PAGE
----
Study finds homeowners want practical green

Information gathered from the Home Improvement Research Institute indicates that today, key values and financial gain are the defining characteristics in determining consumers' levels of interest in green products.

NORTH OLMSTED, OHIO — Think that green is a dead trend and that the recession has deterred homeowners from green practices? Think again. Information gathered from the Home Improvement Research Institute and analyzed by Jack Suvak, Moen Inc.’s senior director, research and insights, indicates that today, key values and financial gain are the defining characteristics in determining consumers' levels of interest in green products.

These findings have led Suvak to the phrase, “Green is Dead, Long Live Green.”

Today’s consumers want green that is convenient, cost-effective and that doesn’t sacrifice performance. The notion that the recession has stalled the green movement is not quite an accurate assessment. What has surfaced is a new pragmatism about the environment that embraces restraint, simplicity and cost-savings. As a result, consumers are re-evaluating what green really means.

“Today’s green consumers are extremely savvy. They’re not a niche group, looking to personally save the environment … instead, they’re smarter about what they buy and are looking for a direct return on investment through energy and utility savings … the green bottom line,” added Suvak. “They are taking very practical steps to buying and to managing their environmental commitment.”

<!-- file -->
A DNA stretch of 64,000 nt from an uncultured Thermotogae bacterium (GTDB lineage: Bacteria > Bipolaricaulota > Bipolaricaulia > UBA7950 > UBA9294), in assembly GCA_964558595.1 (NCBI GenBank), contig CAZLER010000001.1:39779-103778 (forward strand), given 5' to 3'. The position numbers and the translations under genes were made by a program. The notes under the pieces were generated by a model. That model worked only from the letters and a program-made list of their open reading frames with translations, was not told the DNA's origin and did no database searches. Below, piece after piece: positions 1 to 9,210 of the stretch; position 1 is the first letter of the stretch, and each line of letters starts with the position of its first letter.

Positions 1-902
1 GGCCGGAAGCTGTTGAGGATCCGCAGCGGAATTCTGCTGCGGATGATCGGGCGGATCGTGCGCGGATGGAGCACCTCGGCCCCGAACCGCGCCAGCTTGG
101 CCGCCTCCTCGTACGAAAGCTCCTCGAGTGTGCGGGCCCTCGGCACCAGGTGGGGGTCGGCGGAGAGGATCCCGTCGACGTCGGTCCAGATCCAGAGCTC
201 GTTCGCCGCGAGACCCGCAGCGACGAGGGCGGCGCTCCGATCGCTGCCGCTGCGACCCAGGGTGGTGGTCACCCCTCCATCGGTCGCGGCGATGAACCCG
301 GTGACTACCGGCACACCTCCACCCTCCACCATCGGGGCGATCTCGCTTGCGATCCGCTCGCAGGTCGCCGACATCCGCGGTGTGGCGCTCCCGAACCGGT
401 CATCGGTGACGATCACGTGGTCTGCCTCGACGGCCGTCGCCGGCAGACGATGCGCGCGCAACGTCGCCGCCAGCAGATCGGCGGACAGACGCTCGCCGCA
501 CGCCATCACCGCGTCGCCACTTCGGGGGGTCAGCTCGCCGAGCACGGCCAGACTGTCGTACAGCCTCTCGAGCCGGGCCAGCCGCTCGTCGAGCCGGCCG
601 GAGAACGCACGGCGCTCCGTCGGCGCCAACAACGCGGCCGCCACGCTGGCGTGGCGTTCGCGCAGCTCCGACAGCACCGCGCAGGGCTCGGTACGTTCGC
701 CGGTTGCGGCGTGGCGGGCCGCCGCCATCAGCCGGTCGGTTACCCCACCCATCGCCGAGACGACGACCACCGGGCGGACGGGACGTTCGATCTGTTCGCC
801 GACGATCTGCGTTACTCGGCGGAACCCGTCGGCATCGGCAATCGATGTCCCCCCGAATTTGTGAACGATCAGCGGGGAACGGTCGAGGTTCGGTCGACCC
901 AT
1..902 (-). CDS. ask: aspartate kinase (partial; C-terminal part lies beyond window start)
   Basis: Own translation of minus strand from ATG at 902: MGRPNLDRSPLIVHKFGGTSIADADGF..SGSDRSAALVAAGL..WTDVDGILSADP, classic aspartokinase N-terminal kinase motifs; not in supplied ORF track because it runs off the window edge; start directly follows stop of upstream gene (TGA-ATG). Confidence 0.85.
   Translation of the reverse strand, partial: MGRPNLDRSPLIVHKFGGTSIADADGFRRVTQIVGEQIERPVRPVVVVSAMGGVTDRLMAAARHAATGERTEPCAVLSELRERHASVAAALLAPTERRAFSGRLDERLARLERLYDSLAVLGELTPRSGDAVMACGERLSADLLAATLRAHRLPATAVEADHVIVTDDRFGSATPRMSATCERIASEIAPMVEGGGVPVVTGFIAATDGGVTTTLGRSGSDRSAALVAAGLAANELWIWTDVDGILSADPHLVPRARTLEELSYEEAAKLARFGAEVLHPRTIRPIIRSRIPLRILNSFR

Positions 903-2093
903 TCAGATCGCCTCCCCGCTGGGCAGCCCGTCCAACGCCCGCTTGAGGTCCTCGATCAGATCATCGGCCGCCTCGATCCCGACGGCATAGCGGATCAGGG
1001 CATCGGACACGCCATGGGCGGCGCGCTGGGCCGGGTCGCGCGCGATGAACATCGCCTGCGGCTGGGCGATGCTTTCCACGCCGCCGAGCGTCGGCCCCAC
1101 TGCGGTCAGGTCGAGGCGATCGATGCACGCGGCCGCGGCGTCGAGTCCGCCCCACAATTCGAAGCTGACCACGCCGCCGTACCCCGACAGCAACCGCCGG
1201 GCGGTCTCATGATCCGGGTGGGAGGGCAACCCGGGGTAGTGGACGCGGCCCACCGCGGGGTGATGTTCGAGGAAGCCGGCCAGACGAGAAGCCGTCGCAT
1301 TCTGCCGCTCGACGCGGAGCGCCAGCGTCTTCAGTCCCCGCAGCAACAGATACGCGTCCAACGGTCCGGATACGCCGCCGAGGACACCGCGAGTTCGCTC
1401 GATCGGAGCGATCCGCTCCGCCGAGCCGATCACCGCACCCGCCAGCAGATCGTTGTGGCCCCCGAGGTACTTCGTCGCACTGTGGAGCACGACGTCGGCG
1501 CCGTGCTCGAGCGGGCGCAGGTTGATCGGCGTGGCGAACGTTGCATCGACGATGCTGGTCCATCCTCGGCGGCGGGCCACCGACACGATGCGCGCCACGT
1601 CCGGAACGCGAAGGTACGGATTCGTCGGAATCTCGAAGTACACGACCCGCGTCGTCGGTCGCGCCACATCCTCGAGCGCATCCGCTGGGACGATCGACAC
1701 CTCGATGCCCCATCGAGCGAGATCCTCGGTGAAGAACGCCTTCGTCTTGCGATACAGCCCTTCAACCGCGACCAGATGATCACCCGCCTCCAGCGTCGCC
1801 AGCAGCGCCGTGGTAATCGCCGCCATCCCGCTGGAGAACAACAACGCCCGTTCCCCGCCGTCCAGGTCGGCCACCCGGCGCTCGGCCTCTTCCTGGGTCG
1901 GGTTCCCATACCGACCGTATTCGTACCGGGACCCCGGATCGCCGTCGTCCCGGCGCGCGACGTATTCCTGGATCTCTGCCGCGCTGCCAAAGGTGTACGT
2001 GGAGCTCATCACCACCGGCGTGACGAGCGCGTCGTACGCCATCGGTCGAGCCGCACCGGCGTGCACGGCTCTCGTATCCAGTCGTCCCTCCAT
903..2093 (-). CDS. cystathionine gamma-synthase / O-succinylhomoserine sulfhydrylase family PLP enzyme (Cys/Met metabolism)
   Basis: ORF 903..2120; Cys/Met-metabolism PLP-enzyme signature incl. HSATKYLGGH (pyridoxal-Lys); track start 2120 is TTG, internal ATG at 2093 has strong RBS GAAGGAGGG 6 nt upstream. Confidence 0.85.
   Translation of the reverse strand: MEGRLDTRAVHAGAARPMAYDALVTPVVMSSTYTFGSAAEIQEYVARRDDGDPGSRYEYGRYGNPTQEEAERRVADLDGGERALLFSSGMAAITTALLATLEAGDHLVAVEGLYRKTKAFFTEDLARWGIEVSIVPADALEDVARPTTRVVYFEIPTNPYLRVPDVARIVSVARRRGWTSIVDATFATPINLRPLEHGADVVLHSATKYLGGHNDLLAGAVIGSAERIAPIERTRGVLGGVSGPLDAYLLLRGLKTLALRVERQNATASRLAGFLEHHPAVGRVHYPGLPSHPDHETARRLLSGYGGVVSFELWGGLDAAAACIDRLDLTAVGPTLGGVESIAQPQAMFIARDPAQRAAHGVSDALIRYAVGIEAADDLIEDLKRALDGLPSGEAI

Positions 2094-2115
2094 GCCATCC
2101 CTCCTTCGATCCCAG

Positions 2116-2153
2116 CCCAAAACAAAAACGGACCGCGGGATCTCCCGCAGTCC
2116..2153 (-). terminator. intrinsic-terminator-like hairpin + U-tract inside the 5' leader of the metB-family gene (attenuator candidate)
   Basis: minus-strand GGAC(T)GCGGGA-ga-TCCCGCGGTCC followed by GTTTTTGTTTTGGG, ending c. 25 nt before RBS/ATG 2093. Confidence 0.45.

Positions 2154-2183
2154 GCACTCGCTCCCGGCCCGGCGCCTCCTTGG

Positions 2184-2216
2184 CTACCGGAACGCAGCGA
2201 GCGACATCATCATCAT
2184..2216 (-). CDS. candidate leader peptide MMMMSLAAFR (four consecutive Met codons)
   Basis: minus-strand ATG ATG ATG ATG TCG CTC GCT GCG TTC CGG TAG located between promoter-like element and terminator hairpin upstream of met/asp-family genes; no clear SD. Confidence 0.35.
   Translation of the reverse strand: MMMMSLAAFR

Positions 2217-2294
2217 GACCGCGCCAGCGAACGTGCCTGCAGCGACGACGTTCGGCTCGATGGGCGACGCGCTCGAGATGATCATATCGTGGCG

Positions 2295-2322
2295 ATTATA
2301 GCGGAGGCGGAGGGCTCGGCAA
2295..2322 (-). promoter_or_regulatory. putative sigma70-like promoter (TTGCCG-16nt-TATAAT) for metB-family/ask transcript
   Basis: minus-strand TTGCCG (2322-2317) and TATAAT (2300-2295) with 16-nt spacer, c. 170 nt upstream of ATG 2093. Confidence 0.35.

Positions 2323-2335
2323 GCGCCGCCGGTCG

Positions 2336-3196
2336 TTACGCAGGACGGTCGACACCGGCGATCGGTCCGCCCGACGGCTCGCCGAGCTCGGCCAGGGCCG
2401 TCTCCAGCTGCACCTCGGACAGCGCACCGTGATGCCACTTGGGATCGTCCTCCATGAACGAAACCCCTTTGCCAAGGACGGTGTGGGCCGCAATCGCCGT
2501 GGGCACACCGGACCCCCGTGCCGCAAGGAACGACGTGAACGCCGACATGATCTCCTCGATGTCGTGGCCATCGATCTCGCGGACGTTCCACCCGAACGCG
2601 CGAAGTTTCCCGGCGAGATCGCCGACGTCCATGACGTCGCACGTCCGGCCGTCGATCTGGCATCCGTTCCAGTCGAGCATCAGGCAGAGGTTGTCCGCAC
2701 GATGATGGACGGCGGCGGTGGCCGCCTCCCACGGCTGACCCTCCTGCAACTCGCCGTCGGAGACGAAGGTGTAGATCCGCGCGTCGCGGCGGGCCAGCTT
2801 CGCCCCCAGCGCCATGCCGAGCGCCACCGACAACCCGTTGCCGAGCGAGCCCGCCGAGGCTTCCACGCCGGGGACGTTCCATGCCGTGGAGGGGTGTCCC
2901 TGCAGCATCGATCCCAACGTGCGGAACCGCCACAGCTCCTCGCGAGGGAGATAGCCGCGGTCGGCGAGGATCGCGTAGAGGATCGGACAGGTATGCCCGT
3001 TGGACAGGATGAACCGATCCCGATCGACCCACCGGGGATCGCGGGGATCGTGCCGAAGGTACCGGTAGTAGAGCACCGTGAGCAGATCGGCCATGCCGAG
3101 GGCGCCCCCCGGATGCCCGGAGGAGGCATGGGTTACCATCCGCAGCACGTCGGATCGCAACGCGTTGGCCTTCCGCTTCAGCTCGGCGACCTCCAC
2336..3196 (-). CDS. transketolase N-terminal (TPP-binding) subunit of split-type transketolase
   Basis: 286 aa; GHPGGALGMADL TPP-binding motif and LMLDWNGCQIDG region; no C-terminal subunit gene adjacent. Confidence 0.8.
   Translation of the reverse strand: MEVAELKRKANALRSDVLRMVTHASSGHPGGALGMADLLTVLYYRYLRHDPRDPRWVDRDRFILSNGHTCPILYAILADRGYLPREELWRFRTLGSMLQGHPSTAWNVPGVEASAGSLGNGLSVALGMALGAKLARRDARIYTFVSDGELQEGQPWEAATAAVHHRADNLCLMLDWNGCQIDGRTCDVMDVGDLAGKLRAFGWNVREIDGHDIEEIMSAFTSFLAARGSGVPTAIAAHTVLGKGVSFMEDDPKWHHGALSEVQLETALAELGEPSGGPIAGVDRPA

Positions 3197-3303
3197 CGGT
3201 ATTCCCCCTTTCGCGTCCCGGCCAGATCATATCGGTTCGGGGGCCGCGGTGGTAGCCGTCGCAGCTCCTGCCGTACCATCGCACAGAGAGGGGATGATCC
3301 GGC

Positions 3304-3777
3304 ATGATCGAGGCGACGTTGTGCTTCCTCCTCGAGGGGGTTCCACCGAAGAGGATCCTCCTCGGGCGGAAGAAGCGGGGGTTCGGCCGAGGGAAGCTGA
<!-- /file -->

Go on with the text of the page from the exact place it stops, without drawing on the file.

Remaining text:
How does a more pragmatic green consumer feel about home improvement?

• Waste Naught: Today’s consumer expects a lot more from what they buy, and they want it to last. Savvy green consumers know the long-term cost of buying less expensive, lower quality products that will need repair or replacement more often, which leads to increased waste.
• My Personal Biosphere: Consumers want it “all about me,” even when it comes to green. They want it first to be “good for me,” then “good for my family,” and finally “good for the planet.”
• Deconstruct to Reconstruct: Rather than looking to start a home improvement project from scratch; they’re thinking about how to start a new project which incorporates materials and furniture they may already have on-hand. Since materials are already part of the home environment, homeowners are working a little old in with new.

Many consumers have already taken meaningful steps to reduce their energy and water consumption, and plan on taking more in the future: based on research conducted by the Home Improvement Research Institute, 69% have put in high-efficiency lighting, 52% have purchased high-efficiency appliances, and 47% have installed low-flow or water-efficient equipment (i.e., showerheads and faucets).

“Consumers may be thinking more about the ‘green’ in their wallets than being green,” noted Suvak. “However, they will continue to embrace products that meet both their individual and environmental needs.”

The Futures Co. conducted the research, the 2011 Consumer Trends Study, for the Home Improvement Research Institute.

Additional information about Moen is available at moen.com.

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